One of the really attractive things about a Steady State Universe is that it does not require a beginning. It can be infinite in both space and time. This leaves time for the nearly impossible to occur without resort to special circumstances. It is fine for a monkey to hand us the works of Shakespeare now, if there has been infinite time already for him and his friends to bang on typewriters, but if they've only had 14 billion years so far, we might have to suppose they at least read the Cliff Notes. Being able to avoid those special circumstances means that the origin of life is to be expected as a mere accident. However, there is a problem with this solution to the very complex existing in less than infinite time: the monkey should be handing us a large number of copies of the the works of Shakespeare, not just one. So, the Fermi Paradox would seem to indicate that the Steady State Universe is not occurring, independent of all the observational evidence confirming the big bang. http://en.wikipedia.org/wiki/F... [wikipedia.org]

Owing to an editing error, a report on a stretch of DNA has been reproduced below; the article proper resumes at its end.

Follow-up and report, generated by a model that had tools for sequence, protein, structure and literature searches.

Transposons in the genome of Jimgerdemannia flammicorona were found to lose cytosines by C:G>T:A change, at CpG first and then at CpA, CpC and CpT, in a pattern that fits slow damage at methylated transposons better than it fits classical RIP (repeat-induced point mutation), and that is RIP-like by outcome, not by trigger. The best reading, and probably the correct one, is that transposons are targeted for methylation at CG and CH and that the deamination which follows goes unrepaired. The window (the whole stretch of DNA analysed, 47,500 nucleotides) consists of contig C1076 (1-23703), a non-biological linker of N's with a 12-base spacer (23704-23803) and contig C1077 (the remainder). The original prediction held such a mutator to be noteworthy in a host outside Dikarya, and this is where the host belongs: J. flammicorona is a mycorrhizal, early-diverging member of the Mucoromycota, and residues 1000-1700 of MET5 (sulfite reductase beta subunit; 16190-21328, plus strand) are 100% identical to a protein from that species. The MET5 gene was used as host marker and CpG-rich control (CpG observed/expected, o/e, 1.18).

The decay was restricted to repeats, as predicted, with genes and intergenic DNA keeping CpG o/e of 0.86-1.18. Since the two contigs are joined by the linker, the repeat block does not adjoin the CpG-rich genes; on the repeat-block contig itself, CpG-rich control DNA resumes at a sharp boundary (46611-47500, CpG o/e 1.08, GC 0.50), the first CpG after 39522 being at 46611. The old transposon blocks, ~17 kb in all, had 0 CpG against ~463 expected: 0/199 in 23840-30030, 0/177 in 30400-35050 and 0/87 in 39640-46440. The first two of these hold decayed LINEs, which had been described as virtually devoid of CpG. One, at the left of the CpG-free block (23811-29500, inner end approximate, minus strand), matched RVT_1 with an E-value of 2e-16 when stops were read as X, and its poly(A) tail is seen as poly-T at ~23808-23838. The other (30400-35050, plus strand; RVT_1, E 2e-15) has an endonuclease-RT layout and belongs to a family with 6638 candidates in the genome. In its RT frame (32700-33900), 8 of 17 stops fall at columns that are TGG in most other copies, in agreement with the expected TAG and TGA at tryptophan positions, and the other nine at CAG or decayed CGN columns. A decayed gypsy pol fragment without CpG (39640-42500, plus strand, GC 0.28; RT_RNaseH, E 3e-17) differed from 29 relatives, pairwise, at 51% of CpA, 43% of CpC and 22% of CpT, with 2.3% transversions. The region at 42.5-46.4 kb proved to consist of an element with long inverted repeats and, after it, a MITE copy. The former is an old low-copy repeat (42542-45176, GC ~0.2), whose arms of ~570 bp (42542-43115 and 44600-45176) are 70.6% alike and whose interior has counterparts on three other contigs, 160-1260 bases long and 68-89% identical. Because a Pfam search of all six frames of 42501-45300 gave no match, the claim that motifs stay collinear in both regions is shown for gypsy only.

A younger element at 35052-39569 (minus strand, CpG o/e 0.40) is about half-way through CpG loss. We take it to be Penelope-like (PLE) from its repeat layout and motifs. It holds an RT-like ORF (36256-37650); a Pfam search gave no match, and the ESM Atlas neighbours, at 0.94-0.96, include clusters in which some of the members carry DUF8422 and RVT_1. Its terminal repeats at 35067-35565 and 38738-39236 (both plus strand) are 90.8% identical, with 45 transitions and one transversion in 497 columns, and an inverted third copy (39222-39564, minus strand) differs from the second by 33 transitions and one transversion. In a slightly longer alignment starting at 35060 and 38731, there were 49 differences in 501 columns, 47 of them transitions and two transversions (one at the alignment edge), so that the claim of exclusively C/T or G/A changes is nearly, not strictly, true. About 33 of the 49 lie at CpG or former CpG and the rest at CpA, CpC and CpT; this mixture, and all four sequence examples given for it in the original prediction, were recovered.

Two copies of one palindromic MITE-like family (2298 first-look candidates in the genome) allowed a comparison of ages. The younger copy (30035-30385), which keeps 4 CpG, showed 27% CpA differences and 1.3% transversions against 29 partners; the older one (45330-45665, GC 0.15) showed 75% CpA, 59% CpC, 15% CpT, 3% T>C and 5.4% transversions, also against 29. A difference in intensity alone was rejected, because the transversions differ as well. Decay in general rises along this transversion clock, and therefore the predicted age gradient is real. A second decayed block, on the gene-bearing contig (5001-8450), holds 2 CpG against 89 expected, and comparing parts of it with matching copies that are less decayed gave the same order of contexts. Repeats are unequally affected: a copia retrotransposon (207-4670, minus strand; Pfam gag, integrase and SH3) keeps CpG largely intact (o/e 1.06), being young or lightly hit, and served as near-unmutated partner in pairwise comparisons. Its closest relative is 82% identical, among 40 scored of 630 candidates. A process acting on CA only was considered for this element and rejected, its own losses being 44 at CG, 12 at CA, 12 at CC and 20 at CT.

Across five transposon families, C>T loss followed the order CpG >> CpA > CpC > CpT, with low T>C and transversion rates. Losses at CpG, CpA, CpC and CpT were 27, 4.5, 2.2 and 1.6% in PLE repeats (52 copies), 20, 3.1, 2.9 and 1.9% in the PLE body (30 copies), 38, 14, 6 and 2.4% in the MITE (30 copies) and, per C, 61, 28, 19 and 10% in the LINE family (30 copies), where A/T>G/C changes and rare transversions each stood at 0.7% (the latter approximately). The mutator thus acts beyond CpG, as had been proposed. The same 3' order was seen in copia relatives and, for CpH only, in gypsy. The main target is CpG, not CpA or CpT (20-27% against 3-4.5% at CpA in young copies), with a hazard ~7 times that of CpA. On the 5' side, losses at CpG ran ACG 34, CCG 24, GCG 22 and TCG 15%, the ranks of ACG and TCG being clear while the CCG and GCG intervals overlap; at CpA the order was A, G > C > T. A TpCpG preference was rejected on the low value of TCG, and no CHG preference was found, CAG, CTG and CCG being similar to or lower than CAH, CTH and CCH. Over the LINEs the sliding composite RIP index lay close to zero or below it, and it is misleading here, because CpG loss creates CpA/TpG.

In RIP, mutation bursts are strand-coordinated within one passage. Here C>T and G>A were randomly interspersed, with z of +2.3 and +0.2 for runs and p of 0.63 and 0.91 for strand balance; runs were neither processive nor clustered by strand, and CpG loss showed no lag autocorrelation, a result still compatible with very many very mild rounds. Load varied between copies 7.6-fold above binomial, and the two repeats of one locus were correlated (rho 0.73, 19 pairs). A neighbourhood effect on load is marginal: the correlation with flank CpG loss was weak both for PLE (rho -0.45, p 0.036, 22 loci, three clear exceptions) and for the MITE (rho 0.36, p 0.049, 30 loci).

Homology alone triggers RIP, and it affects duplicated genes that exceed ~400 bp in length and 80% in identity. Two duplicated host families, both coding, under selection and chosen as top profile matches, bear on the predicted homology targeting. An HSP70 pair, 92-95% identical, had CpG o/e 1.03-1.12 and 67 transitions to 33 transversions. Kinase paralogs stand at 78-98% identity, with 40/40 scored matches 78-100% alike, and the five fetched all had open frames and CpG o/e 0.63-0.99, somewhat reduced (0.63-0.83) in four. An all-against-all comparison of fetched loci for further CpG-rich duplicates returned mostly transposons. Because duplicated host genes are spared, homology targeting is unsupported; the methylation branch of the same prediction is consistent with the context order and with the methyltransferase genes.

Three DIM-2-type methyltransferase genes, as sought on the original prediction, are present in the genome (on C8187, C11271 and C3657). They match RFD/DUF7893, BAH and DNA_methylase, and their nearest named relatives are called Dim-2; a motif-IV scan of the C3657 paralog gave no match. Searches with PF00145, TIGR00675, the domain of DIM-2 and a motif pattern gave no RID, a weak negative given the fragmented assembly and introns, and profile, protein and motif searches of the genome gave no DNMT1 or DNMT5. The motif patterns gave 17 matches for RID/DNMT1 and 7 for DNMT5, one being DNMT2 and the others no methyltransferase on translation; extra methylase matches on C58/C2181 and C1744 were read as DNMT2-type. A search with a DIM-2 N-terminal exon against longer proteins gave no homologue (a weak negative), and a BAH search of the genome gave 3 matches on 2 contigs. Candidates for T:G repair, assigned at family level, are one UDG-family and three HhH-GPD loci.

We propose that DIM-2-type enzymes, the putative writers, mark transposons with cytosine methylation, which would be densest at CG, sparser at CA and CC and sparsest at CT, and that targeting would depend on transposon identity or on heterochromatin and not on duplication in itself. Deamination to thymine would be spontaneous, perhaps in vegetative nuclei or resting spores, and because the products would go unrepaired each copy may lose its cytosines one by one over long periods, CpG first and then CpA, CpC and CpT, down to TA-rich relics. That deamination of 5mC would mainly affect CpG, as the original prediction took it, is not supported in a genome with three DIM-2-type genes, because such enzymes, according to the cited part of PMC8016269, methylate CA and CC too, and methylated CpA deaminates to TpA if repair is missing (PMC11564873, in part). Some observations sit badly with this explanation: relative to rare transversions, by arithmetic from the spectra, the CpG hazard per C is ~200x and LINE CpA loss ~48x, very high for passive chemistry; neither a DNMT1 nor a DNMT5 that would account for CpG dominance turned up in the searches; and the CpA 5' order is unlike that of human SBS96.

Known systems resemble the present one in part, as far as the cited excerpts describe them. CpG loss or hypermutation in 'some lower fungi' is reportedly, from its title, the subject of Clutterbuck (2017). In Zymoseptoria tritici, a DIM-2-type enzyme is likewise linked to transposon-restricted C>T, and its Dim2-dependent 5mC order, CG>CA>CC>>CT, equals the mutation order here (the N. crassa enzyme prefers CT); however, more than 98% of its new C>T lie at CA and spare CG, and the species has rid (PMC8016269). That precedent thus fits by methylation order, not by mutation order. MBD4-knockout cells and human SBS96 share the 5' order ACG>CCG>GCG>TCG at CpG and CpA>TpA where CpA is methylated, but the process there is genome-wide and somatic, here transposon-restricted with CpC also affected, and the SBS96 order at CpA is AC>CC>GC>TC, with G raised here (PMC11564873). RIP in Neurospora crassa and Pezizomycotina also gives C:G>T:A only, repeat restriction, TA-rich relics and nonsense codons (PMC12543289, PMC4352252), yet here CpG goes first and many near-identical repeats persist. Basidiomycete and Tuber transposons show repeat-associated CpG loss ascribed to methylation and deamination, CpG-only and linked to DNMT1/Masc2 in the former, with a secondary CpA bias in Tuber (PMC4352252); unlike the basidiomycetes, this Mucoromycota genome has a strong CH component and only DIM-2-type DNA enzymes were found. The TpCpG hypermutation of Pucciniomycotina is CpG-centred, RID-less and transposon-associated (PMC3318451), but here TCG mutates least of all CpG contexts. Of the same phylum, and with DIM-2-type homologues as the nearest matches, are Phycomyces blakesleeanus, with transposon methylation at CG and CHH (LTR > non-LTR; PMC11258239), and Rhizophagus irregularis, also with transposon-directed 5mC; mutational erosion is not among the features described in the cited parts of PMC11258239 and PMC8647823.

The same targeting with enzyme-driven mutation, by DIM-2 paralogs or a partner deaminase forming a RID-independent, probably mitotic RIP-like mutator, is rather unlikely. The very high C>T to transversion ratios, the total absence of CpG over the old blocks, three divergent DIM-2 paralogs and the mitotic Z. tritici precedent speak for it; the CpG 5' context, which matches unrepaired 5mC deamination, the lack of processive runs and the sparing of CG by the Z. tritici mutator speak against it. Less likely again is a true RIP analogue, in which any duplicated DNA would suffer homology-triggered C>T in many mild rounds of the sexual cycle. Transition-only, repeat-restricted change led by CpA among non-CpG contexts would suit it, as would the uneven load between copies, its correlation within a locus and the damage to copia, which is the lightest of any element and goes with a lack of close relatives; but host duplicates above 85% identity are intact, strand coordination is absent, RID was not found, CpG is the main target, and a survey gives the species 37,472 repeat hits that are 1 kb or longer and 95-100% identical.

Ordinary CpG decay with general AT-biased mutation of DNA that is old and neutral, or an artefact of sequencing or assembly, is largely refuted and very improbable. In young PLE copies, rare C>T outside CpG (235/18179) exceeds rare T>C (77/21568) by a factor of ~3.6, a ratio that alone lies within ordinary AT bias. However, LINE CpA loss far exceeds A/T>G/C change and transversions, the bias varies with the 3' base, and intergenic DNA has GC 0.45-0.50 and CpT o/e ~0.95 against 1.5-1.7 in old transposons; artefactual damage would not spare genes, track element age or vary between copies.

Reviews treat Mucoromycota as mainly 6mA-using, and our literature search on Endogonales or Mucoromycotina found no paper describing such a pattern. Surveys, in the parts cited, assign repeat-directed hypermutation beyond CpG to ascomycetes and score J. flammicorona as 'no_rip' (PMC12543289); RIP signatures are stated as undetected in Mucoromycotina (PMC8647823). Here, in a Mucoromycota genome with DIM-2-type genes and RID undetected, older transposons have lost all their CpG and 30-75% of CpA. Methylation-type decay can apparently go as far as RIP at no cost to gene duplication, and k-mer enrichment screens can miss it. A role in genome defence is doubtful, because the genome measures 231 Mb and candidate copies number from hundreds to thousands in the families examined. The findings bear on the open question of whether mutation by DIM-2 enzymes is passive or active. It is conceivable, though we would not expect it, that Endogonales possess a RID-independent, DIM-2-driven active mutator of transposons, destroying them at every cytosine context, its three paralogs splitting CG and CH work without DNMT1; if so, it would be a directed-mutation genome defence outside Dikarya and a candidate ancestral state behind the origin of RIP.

Re:No beginning (0)

Anonymous Coward | about 10 months ago | (#46434479)

Thought Experiment -

You are a native amazonian in a tribe that has been isolated from the rest of the world so that your culture is not polluted.

Since no one comes to talk to you, you are the last people on earth.

Is this true or not true?

The problem with the femi Paradox is that it leaves out the possibility of action by other intelligent agents.

Re:No beginning (1)

istartedi (132515) | about 10 months ago | (#46434755)

However, there is a problem with this solution to the very complex existing in less than infinite time: the monkey should be handing us a large number of copies of the the works of Shakespeare, not just one